Revivals are great. My brief attempts at writing here have been almost always punctuated by large expanses of silence. But I’m going to breathe some life back into this blog, however briefly. I don’t really have a plan, more a jumbled mess of thoughts that I find interesting. As a start I have written five posts about the last year and backdated them to where they were actually relevant. I’ve done these posts mainly for my own benefit, as part of the point of writing here again is to help me understand what has worked and what I can do better in the future. This is probably most interesting to me, but if you fancy a read: I start with some of the changes this winter, then talk about being injured and EOC, the lead up to WUOC, WUOC itself and then WOC. In the future, I might try to do some interesting stuff and write about it.
This was the big one, the main goal of the year. I was disappointed to miss my last and only chance for a Stromstad training camp (a flight delay making us miss another flight) but I knew I had done all I could to enable myself to run well. The week before the championships I got a big boost in confidence, posting 14.20 in a 5km in which I had to lead every step of the way. I was ready.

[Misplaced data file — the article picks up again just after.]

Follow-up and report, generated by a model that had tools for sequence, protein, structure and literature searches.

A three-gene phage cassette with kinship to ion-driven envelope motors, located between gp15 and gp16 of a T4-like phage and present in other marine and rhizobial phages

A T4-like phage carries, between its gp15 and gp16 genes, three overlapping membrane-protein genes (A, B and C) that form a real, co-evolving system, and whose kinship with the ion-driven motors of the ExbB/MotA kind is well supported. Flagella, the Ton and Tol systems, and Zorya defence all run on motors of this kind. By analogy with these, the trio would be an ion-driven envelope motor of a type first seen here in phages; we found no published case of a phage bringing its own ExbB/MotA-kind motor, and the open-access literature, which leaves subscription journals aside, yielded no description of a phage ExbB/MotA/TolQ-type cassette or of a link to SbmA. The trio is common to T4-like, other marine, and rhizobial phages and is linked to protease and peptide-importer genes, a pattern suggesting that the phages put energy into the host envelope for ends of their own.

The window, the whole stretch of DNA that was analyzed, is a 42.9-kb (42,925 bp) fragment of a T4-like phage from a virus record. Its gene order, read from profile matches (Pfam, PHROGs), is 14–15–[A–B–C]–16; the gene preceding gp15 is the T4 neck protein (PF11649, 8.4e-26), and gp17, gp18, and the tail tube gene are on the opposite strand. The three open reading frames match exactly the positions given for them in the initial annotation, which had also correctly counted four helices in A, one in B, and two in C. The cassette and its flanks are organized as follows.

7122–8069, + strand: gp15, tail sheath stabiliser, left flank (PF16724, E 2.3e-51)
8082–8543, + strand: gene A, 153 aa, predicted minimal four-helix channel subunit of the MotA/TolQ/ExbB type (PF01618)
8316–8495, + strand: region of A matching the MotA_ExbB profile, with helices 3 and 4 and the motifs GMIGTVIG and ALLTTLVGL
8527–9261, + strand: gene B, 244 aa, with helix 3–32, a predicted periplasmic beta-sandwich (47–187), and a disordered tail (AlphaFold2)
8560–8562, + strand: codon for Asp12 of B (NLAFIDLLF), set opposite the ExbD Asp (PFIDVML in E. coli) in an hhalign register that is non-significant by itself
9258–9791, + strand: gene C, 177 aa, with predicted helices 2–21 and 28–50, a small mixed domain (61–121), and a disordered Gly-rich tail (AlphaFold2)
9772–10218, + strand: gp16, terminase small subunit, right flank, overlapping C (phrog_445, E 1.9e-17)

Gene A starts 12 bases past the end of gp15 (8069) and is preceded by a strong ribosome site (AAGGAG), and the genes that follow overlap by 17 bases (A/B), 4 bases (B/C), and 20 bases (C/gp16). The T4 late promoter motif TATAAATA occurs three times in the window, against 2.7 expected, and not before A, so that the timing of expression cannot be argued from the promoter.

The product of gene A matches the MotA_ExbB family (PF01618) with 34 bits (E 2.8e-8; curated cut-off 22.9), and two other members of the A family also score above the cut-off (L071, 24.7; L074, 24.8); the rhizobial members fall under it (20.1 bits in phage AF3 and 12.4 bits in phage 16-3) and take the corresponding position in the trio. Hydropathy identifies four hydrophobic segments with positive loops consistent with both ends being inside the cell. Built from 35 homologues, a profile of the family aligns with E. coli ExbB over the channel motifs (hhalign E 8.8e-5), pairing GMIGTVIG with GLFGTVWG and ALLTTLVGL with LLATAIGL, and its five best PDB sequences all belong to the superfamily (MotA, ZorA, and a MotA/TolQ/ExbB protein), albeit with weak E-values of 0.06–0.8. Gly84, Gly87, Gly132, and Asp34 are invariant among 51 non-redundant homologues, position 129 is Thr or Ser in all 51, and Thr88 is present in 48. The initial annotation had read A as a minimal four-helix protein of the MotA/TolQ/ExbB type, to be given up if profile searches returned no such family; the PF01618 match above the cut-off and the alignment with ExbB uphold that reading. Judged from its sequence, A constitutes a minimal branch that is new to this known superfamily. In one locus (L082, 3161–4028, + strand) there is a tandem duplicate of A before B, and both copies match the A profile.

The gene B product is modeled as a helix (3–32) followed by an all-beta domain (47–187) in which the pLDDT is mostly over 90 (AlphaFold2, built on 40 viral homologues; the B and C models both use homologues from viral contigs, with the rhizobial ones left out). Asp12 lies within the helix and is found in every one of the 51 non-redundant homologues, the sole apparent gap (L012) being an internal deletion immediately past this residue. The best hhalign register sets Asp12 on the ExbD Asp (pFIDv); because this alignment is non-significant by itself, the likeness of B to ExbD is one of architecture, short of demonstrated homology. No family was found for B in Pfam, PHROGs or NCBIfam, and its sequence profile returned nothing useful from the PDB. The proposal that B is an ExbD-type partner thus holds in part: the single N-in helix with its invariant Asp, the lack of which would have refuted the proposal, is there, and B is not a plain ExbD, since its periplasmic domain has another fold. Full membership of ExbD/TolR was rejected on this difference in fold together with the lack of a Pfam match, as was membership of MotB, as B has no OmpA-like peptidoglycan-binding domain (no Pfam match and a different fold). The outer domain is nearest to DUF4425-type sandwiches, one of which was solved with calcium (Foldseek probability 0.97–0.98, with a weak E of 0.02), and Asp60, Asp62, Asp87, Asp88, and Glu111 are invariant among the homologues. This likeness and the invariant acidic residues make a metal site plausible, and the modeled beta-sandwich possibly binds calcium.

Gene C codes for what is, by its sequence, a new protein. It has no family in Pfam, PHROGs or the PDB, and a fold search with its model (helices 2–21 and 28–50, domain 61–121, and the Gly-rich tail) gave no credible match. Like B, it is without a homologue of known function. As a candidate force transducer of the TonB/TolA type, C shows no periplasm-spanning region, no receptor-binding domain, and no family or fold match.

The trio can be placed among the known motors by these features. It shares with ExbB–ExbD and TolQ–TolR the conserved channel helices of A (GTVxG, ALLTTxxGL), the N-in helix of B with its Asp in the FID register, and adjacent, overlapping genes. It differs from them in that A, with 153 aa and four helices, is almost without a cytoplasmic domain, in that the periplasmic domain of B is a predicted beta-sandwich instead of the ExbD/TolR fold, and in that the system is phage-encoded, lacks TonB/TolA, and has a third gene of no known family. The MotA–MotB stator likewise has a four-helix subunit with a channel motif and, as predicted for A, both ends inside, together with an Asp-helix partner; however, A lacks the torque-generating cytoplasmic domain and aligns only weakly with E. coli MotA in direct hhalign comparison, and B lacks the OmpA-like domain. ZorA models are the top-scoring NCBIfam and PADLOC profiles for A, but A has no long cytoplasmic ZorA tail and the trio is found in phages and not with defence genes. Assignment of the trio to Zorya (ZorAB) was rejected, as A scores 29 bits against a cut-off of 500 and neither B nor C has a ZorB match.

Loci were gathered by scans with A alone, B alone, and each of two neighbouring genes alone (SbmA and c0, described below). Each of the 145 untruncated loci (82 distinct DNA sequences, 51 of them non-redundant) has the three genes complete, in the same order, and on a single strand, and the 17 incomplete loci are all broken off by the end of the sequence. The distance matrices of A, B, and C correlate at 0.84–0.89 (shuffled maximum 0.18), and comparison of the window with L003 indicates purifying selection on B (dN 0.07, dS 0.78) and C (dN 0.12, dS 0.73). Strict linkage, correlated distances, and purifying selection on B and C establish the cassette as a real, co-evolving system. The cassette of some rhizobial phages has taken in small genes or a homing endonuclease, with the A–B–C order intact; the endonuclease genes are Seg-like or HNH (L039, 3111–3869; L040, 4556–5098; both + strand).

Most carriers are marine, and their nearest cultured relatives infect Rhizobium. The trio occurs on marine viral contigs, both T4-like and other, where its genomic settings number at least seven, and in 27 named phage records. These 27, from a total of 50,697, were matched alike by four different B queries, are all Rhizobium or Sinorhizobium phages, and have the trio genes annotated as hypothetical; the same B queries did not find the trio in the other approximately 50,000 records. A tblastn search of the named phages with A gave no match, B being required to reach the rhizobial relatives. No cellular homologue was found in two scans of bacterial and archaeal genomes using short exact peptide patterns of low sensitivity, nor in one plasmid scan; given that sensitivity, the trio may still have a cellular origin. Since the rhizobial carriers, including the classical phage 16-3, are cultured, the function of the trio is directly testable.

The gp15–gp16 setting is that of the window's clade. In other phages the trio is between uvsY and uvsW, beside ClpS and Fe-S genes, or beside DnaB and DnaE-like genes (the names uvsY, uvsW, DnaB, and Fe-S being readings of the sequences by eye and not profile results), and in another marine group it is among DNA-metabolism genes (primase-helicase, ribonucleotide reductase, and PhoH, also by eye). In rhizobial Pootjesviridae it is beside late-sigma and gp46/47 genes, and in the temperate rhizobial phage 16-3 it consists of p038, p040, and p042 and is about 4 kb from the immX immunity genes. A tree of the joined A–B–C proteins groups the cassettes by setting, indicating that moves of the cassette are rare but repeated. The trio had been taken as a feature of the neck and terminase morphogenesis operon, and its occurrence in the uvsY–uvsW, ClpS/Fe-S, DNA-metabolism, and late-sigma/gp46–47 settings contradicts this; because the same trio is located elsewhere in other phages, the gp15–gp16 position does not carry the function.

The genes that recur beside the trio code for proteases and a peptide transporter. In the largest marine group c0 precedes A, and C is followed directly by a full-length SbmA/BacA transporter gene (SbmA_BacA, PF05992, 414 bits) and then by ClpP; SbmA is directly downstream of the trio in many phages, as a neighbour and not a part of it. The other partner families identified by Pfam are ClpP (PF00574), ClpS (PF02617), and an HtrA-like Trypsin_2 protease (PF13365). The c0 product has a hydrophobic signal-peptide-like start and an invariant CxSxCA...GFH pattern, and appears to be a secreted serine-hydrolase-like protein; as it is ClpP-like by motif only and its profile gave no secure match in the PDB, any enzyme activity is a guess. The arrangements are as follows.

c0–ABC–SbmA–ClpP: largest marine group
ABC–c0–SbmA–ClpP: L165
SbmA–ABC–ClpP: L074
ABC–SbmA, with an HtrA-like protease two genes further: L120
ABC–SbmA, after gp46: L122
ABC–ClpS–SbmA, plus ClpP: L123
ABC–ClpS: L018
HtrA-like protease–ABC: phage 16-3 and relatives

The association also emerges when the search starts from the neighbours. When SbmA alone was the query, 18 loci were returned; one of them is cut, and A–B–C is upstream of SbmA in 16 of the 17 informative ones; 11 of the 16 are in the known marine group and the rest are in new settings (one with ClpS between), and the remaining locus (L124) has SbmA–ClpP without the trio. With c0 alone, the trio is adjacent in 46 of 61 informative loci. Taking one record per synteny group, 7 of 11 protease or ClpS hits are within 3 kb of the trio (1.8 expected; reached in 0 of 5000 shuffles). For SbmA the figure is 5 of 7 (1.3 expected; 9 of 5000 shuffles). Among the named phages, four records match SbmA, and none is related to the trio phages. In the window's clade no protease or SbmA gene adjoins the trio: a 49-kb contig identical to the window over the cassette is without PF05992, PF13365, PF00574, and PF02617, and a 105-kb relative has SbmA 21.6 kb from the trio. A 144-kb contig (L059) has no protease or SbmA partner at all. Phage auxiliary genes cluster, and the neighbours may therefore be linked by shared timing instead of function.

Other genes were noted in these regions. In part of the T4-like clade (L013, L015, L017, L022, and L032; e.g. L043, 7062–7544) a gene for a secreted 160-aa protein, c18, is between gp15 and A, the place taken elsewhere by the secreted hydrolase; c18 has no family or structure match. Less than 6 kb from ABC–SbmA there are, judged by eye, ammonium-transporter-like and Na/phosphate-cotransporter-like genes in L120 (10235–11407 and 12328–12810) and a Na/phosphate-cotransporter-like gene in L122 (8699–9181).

The Sprint programme at the World Championships is pretty busy: Sprint qualifier on the Saturday morning, Sprint final in the Saturday evening and Sprint relay on the Sunday evening. This is always difficult but I was however a lot more confident in my ability to cope with all these races that I was at the Europeans.
Even so, the qualifier was a bit strange and I had a problem I haven’t experienced before. I struggled to fully motivate myself. This was the World Championships, yet I couldn’t really be bothered. I had spent a lot of time thinking how best to play it – I had everything to lose and nothing to gain. Too fast and I’d waste energy, too slow and I’d risk not making it. Also if I tried anything different I risked upsetting my rhythm for the final. In the end I ran at a cruisey pace, keeping one eye on Matthias Kyburz who started at the same time as me. I reasoned that he’d qualify without issue and so if he was ahead I picked up the pace and if he was behind I eased back. I made it through without issue but I’m still none the wiser as to the best tactic in this situation.